Bronze sepent shaped Spatha or shorter semi-spatha scabbard slide. This piece would have been attached to the scabbard or sheath of the 3rd or 4th Century Spatha or Semi-spatha. (see reference pictures below on how it was mounted)
It would have provided the loop required to suspend the sword from the shoulder using the baldric suspension method. (2)
A similar example is listed here (3) discovered in South Shields, England where there was a long Roman occupation of the 3rd Century.
A stable patina covers the piece originally most likely some type of copper/bronze alloy. The front attachment area has an intricate line pattern that appears similar to a spider web. The main loop also has two eye like engravings, as if to indicate the head of the serpent. A narrowing "tail" continues to the end, allowing for a second loop and attachment section. A unique and rare complete example.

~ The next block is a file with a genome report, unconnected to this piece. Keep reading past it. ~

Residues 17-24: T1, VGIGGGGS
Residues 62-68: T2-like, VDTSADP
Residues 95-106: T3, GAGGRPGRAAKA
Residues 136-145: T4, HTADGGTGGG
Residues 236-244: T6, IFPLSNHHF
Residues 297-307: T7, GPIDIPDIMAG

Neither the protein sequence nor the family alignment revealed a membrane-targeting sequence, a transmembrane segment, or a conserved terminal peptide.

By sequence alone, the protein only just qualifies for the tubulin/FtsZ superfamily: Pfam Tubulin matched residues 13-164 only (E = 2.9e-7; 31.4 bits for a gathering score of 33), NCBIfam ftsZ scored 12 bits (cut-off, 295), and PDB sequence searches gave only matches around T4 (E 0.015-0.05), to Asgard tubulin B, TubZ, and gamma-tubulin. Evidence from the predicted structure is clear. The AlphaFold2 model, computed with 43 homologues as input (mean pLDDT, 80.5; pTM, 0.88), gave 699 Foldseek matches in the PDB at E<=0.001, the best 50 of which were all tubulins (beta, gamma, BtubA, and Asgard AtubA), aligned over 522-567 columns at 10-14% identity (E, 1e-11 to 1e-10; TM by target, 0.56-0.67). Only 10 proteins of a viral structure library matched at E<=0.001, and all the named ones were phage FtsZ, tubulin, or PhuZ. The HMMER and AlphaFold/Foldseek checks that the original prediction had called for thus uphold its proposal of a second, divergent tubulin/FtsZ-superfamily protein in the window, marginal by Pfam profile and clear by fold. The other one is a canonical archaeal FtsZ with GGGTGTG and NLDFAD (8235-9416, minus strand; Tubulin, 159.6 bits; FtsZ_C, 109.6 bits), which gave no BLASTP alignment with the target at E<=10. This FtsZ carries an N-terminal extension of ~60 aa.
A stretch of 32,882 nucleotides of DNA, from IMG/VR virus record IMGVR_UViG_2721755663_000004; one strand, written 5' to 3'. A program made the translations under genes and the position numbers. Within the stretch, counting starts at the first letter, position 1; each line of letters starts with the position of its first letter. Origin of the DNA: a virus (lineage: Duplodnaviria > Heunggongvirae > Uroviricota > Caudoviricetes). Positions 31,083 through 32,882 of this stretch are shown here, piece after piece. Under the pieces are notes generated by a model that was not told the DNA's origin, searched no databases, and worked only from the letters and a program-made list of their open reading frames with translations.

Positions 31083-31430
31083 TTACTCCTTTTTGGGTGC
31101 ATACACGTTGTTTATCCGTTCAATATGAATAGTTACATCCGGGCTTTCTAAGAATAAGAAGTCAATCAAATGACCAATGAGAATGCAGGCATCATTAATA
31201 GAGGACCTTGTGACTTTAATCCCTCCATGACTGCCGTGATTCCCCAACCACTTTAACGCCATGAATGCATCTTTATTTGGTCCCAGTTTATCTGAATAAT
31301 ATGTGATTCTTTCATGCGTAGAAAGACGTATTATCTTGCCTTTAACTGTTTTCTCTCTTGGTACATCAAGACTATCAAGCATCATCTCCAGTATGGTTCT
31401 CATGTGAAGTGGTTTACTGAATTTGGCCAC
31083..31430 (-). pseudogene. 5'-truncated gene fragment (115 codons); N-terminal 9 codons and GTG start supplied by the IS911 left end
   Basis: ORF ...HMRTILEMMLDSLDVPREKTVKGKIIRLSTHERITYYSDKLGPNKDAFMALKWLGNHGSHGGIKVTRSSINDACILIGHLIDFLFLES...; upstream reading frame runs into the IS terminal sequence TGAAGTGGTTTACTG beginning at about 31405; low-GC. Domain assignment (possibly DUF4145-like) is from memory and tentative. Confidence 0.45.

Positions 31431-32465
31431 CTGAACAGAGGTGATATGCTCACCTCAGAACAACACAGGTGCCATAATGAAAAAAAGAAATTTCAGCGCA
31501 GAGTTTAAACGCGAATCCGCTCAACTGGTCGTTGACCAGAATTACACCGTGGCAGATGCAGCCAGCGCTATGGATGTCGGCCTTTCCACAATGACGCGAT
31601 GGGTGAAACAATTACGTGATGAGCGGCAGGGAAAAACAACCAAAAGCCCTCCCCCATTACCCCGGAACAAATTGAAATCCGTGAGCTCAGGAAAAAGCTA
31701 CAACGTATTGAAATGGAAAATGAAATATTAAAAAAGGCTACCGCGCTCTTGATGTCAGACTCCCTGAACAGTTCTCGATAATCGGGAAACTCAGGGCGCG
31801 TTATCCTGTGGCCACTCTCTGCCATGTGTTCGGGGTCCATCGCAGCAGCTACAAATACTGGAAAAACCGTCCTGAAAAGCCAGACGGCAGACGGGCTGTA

This item was found in the same location as the following other pieces.
Perhaps they belonged to the same sword and belt pieces. All are from the early 3rd Century and match the period.
Picture of nearly identical example from "Jagsthausen" Germany. (photo by R.K Dixon) (2)
Mounting Example (photo by M. DANIELS) (2)
-painting by Agnus McBRIDE
Click on Pictures for higher resolution
(1) References to similar items: FEUGERE, Michel; Weapons of the Romans, page 121 2002.
(2) Reference to similar items: STEPHENSON, I.P; Roman Infantry Equipment "The Later Empire", page 67 & 73 2001.
(3) Reference to similar items: BISHOP, M.C & COULSTON, J.C.N; Roman Military Equipment "From the Punic wars to the Fall of Rome", page 158 2006.
**Note on background. Close up view of the wall of the Colosseum of Pula, Croatia. Picture taken 2014